Tuesday, December 10, 2013

"HTFU" she says

I am Canadian. I, like most cyclists, quite dislike the indoor trainer. Nothing like spinning to nowhere while sweating up a storm for hours on end. It has its purpose but this post isn’t about that. We race bikes and so we can’t let our bodies go to mush for the 8 months of the year where it’s cold. We do what we can with what we have.

I made a pact with myself in the summer to acquire the proper winter riding gear and get outside on the weekends as much as I can. Weather depending of course. I DO have a temperature limit to which my body would surely freeze into a solid block of ice. During the week I’m short on time and don’t have the hours required to get outside. I mean, fuck, getting dressed for a winter ride is already a 30 minute ordeal.

So here is my system. My secret methods of things that work for me (or sort of work for me). Keep in mind I am not one for cold weather so if this works for me? It should work for anyone. It's all about the gear. Cost is the unfortunate factor because for high tech quality cycling gear you might want to take out a second mortgage.

We’ll start at the hands. I will say first I have yet to find a glove combo that works. This is a fleece glove under a wind/waterproof lobster shell mitt. My hands were pretty okay this past weekend UNTIL we made a fairly long slow decent back into town. As soon as we stopped working hard enough our fingers froze so bad I wanted to cry icicles. I usually always have problems with cold hands and feets so I’ve never been able to keep my hands warm, just mildly tolerable. Oh and the snot thumb sleeve is 110% an absolute necessary!

Yeah that's tape on the toe. It's covering a hole.

Feets? Totally different world of absolute misery. I don’t understand it but it’s as if my feets don’t produce heat at all. Blocks of concrete. I also have a lot of problems with numbness on any regular (even summer) day because of pedal pressure. As a result of that issue I can’t wear thick socks even in the winter. On top of that is a toe warmer. Then the shoe and a thick winter windproof bootie. This means my feet don’t freeze solid but it certainly doesn’t keep them warm.

Note: toe warmer still stuck to sock

Moving on up. A pair of thick winter cycling tights. They have rad stirrups as well as over the shoulder bib straps. They’re relatively weather proof in that they keep the wind out for the most part. They aren’t overly insulated so I wear knee warmers underneath – a tip lovingly tried and tested by my Ryan. The tights don’t have a chamois so a pair of bibs is necessary unless you’re masochistic.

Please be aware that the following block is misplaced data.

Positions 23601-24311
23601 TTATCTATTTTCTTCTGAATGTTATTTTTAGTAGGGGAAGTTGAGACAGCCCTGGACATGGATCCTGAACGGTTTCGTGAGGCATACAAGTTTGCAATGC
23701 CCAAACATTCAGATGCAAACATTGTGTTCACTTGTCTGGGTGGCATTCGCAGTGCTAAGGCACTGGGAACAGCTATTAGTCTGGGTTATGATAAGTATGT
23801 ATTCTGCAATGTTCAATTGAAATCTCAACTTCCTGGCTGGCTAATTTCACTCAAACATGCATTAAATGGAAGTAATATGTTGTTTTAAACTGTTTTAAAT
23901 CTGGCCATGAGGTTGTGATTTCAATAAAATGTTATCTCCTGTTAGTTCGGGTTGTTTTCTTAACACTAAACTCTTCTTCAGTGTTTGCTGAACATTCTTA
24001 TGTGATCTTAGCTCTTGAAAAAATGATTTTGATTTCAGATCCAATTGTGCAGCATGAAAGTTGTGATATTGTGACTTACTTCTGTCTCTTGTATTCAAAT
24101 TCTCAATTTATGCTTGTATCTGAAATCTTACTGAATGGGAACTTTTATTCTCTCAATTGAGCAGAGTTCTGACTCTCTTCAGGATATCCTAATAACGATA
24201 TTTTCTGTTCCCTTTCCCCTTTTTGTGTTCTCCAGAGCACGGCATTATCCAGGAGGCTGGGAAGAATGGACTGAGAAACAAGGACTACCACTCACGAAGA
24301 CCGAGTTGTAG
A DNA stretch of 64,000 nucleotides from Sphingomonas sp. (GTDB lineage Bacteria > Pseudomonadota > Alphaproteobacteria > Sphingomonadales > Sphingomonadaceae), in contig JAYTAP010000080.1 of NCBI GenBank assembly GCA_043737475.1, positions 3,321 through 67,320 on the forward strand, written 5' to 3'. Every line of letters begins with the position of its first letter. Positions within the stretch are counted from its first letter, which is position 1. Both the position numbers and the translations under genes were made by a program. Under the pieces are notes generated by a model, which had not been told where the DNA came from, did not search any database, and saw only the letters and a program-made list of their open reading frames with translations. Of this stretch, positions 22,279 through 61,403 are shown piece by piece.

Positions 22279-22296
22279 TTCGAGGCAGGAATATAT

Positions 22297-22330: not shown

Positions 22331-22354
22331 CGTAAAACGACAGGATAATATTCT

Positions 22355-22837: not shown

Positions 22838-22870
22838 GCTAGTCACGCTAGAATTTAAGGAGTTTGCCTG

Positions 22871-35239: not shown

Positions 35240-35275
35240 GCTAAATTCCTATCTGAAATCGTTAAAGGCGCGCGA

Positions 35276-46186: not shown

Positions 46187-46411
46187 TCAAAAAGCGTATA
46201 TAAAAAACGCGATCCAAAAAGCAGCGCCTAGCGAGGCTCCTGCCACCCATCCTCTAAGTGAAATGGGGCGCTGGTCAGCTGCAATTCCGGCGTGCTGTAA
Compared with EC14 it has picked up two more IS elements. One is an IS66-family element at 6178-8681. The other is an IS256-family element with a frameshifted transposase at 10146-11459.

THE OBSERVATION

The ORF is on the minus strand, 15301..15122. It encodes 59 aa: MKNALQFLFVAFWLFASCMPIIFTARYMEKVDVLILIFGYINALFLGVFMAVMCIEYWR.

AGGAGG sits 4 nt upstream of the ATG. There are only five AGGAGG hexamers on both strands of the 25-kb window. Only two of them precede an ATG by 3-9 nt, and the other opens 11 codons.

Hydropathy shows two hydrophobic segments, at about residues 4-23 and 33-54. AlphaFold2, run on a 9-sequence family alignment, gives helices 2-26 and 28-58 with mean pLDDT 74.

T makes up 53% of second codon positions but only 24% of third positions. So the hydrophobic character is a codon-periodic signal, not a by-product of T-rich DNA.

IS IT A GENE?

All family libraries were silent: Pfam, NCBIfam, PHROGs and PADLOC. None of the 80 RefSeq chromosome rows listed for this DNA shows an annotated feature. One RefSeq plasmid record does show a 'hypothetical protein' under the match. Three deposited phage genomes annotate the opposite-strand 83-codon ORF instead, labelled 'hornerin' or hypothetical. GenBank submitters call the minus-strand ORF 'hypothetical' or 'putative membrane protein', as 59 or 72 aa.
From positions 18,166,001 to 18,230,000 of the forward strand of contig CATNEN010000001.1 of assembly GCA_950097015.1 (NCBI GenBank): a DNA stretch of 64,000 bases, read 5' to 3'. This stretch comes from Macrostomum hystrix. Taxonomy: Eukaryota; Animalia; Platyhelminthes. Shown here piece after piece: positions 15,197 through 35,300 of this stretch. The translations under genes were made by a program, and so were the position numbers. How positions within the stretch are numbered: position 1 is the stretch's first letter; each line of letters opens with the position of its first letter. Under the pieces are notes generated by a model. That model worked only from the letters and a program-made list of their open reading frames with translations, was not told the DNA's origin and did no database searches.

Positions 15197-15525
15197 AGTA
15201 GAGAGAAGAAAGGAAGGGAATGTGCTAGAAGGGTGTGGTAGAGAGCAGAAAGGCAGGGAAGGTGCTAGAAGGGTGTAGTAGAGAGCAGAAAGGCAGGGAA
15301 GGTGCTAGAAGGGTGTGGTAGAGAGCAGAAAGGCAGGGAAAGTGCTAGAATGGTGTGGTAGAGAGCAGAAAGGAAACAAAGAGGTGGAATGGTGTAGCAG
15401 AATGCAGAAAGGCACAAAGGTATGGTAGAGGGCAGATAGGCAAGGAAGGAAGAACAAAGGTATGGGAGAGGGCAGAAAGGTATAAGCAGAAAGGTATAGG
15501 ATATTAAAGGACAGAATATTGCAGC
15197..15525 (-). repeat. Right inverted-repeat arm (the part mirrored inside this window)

Count: 6

Up further to the core of the machine. Long sleeve quick dry base layer on top of sports bra and heart rate monitor strap. Then bib shorts, then tight straps. On top of that I have a short sleeved cycling jersey then a thin semi-transparent lightweight rain jacket. I learned this trick from Shelly. It helps to hold some heat in because it’s not overly breathable. Finally on top of that is my team jacket. It’s the warmest jacket I have. It’s fantastically windproof but not so much waterproof.

Lastly I have a thin buff around my neck that I can pull up when I need it. I don’t like having fabric over my mouth and nose, it makes me feel uncomfortable and the eventual condensation from my breath freezes. I also have a rather thick toque under my helmet that covers my ears. Super important.

So yes, getting ready for a ride is a FEAT. No joke, it takes me almost 30 minutes and I’m usually sweating like a whore before I can get out of the door. Whores sweat. Also all of these items are stupid expensive so it took me awhile to collect 'em all.

So far it’s been okay. A couple weeks ago we were riding in wet snowy conditions which coated our brakes and derailleurs in a thick solid ice and rendered them useless. My back brake froze solid and we couldn't shift out of our big ring. We won’t be riding in a lot of snow again. If the temps get much below -10C (not incl. windchill) I think that might be pushing it for me.

Landrys plug!

The last problem is frozen water bottles. They are good for about a couple hours. Unfortunately the lids freeze and I’m left to dehydrate and die. My other friends have been smart and put a wee bit of liquor to help prevent their bottles from freezing. However, due to my physical inability to process alcohol and the resulting sick-fest if I do, that isn’t an option for me. I thought about minty fresh mouth wash… but that would be gross. I read online about closing the bottle and placing it upside-down in the cage. It freezes slower. I’m going to try that next weekend. Maybe I'll write about it along with the "attempt at managing diabetes" in the cold also.

So it’s kinda sucky. One might simply say, “You’re fucking crazy” and I wouldn’t deny that for one second. I am forever grateful to the company – especially friend and team mate Shelly. It helps to have another crazy person to share the stupidity with. In the end it’s rule#5 that drives us. “HARDEN THE FUCK UP”.


  1. Well, I won't say you're effing crazy, but damn, you're hardcore. I imagine you feel like Ralphie's little brother in "A Christmas Story" once you're all dress up - "I can't put my arms down!!".

    I have serious work to do on my cold weather collection, but I've heard that embro (I think the full term in embrocation cream) is supposed to help. As for not freezing water bottles, it make make you look even more like the Michelin Man, but a Camelbak under your jacket/close to your skin might help.

    Dang, now I feel like a pu$$y for wimping out in the 25 degree weather here. Maybe I should just fess up and stake my claim as a fair-weather rider.

  2. I have no suggestions, only empathy for the hands/feets problem. No heat/circulation in either ... and I'm cycling in wussier weather than you are. Brrrr ... grrrr ....


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